Right, but his problem is the same that a marathoner has. The body has about 2k calories or so of glycogen available for use--when it runs out of that, then it "hits the wall" (as the term is in marathoning--this typically happens to untrained people at the 20 mile mark or so--trained people who hit it usually started out too fast and "blow up"). It usually happens at different points for different people depending on how efficiently their bodies utilize their glycogen stores and, sometimes, if their bodies have increased their glycogen stores or utilize fat stores for energy. Once they hit the wall, things get ugly.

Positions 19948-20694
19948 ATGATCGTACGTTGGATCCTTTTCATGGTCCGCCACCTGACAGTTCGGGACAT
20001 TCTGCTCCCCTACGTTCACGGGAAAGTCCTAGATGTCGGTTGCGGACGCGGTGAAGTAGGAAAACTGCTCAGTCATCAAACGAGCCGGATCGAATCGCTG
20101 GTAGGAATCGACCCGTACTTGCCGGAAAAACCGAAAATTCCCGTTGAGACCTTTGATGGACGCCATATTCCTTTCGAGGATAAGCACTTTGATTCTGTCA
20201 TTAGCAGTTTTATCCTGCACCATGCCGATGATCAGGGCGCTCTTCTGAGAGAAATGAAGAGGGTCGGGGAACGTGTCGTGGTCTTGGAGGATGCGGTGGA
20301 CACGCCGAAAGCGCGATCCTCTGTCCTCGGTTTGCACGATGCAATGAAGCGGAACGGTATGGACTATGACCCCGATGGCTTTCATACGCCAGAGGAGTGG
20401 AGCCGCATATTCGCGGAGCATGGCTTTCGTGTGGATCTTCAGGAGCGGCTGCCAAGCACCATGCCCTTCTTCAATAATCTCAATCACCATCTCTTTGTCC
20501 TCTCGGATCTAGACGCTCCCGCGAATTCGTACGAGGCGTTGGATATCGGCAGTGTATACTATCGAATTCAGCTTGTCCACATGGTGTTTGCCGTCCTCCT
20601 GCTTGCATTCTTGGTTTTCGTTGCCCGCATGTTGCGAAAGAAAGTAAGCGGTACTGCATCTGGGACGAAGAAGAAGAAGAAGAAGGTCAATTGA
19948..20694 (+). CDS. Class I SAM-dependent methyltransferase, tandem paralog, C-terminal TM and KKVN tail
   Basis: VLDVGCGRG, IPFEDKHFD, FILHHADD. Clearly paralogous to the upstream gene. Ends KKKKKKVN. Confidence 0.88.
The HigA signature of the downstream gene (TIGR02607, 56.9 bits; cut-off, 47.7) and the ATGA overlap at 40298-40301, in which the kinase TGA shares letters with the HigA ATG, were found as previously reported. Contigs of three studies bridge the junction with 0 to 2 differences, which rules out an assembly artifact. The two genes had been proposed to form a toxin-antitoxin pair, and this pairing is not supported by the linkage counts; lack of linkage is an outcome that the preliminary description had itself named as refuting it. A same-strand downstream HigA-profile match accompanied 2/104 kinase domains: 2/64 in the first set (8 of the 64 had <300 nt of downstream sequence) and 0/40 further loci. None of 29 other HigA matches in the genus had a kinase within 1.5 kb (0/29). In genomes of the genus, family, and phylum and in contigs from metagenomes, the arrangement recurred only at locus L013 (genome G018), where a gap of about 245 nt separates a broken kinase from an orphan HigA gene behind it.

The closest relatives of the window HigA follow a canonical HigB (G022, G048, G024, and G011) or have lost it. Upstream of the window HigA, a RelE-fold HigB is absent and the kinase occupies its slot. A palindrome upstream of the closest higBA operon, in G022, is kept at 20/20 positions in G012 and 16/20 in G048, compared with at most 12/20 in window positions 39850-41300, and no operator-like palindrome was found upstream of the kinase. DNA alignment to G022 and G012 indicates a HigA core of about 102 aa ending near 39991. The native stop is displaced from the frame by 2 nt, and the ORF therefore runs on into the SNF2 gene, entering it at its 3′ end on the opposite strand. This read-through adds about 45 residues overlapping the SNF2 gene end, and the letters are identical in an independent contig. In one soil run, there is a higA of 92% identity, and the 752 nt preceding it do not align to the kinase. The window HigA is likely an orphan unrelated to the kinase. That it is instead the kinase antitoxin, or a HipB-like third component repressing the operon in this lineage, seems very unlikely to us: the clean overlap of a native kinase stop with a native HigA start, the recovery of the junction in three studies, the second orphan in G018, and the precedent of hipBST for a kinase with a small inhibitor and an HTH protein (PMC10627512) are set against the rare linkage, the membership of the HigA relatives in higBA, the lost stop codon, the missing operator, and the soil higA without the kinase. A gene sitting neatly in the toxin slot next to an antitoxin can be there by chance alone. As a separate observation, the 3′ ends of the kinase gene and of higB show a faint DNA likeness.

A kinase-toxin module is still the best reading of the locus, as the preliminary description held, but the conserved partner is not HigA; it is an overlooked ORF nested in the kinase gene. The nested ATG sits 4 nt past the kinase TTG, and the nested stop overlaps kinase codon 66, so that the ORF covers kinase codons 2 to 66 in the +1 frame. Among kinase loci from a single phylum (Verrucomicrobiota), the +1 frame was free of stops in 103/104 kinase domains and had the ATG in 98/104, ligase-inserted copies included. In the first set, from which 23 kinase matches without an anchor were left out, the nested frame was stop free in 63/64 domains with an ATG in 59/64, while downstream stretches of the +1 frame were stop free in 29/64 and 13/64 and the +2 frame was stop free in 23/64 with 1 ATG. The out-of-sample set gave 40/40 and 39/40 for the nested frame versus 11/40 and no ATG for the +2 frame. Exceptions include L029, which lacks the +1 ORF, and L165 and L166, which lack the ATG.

Depending on how intensely this guy is playing and how long his matches are taking, he could be running his glycogen stores lower than needed for his body to feel itself to be capable of exerting maximum effort. That's why I recommended the energy gel while in the meantime he might try to improve his conditioning.
People tend to think of marathon-type endurance athletes like they're either aliens or like they're doing something equivalent to light jogging for 26 miles. To run a reasonably respectable one, you're running at sub-7 minutes per mile the whole time. That takes muscle glycogen.